At least the Oakland A's have a day off to figure out what happened.
Manager Tony La Russa and his A's have some time to consider how they lost the firsttwo games of the World Series and turned Billy Hatcher and Billy Bates into local legends.
In a game that had more twists and turns than the Ohio River, Cincinnati beat Oakland 5-4 in 10 innings Wednesday night. Teams that have taken a 2-0 lead have gone on to win the Series 31 times in 41 chances.
"Once we won the division, this team felt it could win," Reds manager Lou Piniella said. "I knew that once we got over the hump and won the division, we'd be competitive in postseason play."
Sure, most thought the Reds might win a game in the World Series. But a 2-0 lead against the mighty A's?
Oakland entered the World Series with 10 consecutive postseason wins and looking for its second consecutive world championship. The A's swept through the Boston Red Sox in the playoffs and had Dave Stewart well rested to open against the Reds.
Cincinnati took care of Stewart, winning 7-0 in Game 1, and used another team effort to make the long trip to California very pleasant.
Game 3 is set for Friday night when Tom Browning is scheduled to pitch for the Reds against Mike Moore.
The A's seemed set when Rickey Henderson scored in the first inning of Game 2. They were 26-7 during the season when Henderson scored the first run of the game. But the Reds and Hatcher wouldn't go away.
With the score 4-4 in the 10th inning, Piniella picked Bates to pinch hit, and the diminutive rookie delivered an infield single off the usually untouchable Dennis Eckersley. It was Bates' first hit in a Reds uniform.
Actually, he wasn't even supposed to be here. But when second baseman Bill Doran came up with a bad back, Bates was added to the World Series roster.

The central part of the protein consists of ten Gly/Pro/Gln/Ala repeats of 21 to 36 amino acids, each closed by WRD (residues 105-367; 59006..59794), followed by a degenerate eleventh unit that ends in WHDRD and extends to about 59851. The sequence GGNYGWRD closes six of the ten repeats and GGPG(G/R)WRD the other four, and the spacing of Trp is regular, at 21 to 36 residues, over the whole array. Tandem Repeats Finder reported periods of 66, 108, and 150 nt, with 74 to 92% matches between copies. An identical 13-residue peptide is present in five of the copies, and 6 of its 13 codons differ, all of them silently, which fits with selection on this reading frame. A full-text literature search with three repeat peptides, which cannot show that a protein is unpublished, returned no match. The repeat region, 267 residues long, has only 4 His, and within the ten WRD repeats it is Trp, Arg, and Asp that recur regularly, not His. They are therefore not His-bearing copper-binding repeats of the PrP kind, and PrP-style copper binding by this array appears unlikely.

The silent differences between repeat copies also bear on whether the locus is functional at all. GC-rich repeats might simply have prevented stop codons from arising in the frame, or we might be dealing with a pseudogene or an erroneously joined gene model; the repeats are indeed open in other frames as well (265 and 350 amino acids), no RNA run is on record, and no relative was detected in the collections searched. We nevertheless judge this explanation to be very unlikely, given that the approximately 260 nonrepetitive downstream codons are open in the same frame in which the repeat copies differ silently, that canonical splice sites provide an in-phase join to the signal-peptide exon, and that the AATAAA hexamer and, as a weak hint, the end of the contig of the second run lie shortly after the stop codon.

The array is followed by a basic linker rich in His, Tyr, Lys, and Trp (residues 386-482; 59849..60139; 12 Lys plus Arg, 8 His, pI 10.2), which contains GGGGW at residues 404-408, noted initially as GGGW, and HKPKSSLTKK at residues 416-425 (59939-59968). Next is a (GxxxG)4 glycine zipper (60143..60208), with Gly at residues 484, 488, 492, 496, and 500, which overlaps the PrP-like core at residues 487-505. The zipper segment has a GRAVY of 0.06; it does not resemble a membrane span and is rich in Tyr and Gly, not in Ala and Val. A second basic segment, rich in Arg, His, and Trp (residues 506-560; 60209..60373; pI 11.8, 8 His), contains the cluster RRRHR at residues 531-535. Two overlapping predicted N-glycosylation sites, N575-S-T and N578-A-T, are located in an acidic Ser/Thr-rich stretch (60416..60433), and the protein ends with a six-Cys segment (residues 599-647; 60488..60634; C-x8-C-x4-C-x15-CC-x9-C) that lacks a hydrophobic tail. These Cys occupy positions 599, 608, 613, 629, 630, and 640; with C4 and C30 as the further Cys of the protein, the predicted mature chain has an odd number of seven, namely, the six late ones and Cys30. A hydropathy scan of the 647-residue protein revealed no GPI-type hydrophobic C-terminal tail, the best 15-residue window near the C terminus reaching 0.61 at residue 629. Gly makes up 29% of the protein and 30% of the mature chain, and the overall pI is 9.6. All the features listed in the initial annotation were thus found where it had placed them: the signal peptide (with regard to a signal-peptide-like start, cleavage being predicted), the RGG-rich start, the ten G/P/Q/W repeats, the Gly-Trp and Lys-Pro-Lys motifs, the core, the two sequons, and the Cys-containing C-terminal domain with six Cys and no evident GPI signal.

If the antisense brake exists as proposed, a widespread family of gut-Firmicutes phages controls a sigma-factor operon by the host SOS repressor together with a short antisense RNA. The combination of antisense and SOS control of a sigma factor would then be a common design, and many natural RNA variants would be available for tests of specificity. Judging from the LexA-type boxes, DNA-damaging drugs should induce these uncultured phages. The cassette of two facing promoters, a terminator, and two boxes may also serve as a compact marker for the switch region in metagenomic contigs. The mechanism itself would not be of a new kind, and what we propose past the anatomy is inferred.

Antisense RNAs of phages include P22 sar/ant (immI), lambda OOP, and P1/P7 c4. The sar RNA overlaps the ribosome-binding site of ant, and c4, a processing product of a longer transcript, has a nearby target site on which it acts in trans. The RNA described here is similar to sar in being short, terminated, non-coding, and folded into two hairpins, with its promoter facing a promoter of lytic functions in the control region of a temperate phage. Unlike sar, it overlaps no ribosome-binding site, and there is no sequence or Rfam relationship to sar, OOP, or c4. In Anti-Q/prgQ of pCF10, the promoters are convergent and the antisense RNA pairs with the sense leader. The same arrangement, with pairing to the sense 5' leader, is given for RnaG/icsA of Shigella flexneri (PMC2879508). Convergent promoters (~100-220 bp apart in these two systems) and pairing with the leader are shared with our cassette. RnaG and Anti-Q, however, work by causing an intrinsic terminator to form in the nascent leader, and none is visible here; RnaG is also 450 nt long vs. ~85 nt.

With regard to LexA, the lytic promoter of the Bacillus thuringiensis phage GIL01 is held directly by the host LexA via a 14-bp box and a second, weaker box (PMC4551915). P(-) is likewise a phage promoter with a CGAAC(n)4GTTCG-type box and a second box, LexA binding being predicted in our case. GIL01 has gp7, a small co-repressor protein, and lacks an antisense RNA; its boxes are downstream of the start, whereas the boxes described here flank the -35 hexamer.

Chris Sabo followed with a sharp single and Joe Oliver won the game with a single just inside the third-base bag. Once again, the fireworks exploded into the Cincinnati sky.
"I just wanted to get a good pitch when I came up to bat," Oliver said. "I had never seen Eckersley pitch before and I wanted to take a pitch and see how he threw. I was glad after I hit the ball that it stayed fair."
The A's took a 4-2 lead with three runs in the third inning off a shaky Danny Jackson. Jose Canseco hit his first homer since Sept. 16, Ron Hassey had a sacrifice fly and Mike Gallego capped the inning with an RBI single.
But on this night, the A's couldn't hold the lead or Hatcher.
Oliver doubled in the fourth and scored on Ron Oester's pinch single off Bob Welch to make it 4-3. The Reds tied it in the eighth when Hatcher led off with a triple and eventually scored on pinch-hitter Glenn Braggs' RBI force out at second.
Hatcher, a platoon player in center field, is 7-for-7 in the two games with five extra base hits. His streak of seven hits in a row broke the previous mark set by Goose Goslin (1924) and tied by Thurman Munson (1976).
"I don't care about the records," Hatcher said. "I just want that ring."
Hatcher also doubled in a run and scored in the first, doubled in the third and reached on a bunt single in the fifth. He is the 46th player to have four hits in a World Series game.
"We know we are playing against the world champions and they had won 10 consecutive postseason games, so we're not going to be overconfident," Hatcher said.
And again, the Reds bullpen was nasty when it counted most.
Scott Scudder, Jack Armstrong, Norm Charlton and Rob Dibble, who got the win, combined for 71/3 scoreless innings.
In eight postseason innings, Dibble has given up three hits and struck out 12.
"I have due respect for their bullpen," La Russa said. "They shut us down; we had a lot of good at-bats against them, but not quite enough. I was disappointed the way we went about our business."
The A's are faced with the reality that their best pitchers, Stewart and Eckersley, came up losers in the first two games of the World Series.
"I think it makes it better," La Russa said. "Our club feels like it's taking its best shot, and you don't have any complaints or regrets other than it didn't go in your favor."